The thing is, you can’t know in advance their reaction. Or the feelings of each person in a new blended family. It doesn’t always make sense.

Just because you found the one you feel happy with doesn’t mean your kids will be happy.

It’s a cop out to me when people say — : “Oh, my kids are so happy and healthy! They’re glad we aren’t together!” about their divorce. In my experience, that’s rarely true.

Or “I just can’t stand modeling a bad relationship to my kids! It was better for them that we divorce.” It goes without saying if abuse is present in any way, head for the hills.

But short of that, what would it show your kids if you stayed? It might display that when something derails, you don’t abandon ship. That when important things break, it’s worth fixing. At least trying.

It is a pesky trick of humanity. We are hard wired to want our parents together, our family intact.

Kids stay in horrific, abusive conditions to avoid being taken out of their home by CPS.

They don’t want foster care or even a nice new adoptive family. They want their parents. It’s built in our DNA.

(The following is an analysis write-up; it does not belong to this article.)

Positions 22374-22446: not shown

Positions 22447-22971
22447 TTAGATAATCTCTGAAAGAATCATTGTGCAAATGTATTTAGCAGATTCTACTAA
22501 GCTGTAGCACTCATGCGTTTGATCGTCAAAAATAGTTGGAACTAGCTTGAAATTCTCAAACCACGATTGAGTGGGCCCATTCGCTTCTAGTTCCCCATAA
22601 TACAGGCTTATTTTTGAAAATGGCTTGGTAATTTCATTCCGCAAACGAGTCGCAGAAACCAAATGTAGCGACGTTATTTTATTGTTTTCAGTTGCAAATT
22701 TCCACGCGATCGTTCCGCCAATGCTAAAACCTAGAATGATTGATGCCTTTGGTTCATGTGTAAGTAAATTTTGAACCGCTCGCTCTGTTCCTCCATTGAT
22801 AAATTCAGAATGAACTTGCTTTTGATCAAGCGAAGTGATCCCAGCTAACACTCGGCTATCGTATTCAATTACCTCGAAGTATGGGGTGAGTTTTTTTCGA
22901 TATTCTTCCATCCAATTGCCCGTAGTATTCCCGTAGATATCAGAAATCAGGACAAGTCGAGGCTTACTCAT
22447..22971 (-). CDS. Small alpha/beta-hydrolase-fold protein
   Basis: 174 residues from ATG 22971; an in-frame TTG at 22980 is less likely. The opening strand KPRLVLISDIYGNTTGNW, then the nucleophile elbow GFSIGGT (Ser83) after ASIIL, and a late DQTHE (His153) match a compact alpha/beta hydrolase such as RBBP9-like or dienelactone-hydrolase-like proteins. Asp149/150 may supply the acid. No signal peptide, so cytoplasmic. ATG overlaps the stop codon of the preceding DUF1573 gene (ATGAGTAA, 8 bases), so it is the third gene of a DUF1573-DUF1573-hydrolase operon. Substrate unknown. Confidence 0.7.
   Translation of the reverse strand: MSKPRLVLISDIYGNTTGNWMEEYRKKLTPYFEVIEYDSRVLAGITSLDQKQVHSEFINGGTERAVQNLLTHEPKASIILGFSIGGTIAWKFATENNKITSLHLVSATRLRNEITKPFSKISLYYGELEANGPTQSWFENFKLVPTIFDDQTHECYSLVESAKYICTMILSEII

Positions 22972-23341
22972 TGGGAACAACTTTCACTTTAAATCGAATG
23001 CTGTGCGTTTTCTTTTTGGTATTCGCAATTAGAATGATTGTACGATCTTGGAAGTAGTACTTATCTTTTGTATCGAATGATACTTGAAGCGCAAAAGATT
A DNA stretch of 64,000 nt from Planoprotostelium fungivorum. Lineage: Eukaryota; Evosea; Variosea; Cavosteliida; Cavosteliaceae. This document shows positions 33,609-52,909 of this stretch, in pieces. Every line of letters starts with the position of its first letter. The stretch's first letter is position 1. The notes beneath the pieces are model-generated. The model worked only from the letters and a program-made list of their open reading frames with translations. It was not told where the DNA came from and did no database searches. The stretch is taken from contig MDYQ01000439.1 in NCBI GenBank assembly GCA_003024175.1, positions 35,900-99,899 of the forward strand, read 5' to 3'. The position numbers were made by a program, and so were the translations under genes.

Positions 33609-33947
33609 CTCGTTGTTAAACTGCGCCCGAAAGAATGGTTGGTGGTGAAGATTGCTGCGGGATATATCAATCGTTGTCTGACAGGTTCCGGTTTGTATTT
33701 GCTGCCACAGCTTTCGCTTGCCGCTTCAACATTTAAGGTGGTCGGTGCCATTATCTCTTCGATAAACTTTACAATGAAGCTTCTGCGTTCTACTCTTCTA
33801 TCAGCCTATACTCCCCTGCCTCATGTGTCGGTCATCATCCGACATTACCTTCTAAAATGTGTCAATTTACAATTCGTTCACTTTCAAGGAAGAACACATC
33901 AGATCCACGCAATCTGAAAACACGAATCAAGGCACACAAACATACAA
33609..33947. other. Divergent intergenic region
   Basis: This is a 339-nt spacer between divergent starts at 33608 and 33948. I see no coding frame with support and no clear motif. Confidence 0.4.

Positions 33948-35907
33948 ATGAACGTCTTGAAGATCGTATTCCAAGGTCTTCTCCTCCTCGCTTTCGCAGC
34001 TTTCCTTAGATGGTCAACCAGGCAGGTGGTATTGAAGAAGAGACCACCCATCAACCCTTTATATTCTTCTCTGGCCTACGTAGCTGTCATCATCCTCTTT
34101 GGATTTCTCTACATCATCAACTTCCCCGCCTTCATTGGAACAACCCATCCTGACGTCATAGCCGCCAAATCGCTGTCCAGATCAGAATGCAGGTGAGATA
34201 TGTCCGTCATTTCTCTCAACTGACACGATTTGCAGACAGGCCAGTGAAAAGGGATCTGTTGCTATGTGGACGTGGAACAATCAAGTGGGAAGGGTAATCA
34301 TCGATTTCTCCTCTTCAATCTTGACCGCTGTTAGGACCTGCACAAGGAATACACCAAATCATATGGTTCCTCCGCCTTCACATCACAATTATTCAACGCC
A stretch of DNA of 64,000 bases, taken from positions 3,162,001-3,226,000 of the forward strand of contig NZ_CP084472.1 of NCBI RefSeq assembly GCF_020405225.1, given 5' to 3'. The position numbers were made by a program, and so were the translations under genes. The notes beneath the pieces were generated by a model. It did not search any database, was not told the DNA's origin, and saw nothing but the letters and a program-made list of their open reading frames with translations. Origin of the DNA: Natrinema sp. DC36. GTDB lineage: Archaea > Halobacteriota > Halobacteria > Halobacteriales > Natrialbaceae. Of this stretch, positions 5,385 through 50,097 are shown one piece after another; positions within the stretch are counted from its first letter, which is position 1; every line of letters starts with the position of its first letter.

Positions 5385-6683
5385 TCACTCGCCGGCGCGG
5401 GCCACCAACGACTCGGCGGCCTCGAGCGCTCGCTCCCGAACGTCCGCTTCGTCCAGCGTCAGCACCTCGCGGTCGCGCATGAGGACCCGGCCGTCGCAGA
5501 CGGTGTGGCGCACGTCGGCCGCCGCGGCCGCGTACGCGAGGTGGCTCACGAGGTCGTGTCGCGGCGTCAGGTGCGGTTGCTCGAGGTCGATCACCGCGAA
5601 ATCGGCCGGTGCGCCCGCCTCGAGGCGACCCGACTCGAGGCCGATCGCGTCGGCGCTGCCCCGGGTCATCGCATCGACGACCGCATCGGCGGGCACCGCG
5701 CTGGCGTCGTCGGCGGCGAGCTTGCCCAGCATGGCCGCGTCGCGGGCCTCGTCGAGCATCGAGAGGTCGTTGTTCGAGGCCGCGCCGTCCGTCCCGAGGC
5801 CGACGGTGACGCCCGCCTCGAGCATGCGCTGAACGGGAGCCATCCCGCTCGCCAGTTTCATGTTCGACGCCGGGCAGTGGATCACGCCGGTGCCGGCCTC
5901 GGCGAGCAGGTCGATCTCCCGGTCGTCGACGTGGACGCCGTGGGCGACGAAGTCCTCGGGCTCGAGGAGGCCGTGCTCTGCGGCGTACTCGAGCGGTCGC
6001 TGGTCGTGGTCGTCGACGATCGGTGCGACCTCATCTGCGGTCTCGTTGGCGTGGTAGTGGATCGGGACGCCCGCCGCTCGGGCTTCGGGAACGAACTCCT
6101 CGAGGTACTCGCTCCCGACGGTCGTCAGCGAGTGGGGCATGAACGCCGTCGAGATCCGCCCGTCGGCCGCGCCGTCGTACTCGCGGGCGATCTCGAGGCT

You can’t leave a relationship with a slew of problems and get out of dodge without doing some work on yourself. Because you know — you’re going to land on whatever dating site and receive coveted attention and go on a few dates and have some Medium-worthy cringe experiences and eventually see that everyone, even the man who fills the height requirement, the woman who feels comfortable in her body, has flaws and baggage.

You’ll say to yourself an incredulous version of “this guy is distant and controlling, too?” or “again? this woman is histrionic and judgmental?” Why does this keep happening?

If you’re smart, you will realize sooner or later that YOU are the common denominator.

Problems don’t change or disappear because you leave. Problems are shapeshifters gifted at looking like something else. But it takes self-reflection and time to own what was yours in a relationship gone sour, to put into play the ways you need to grow to be different in a new configuration.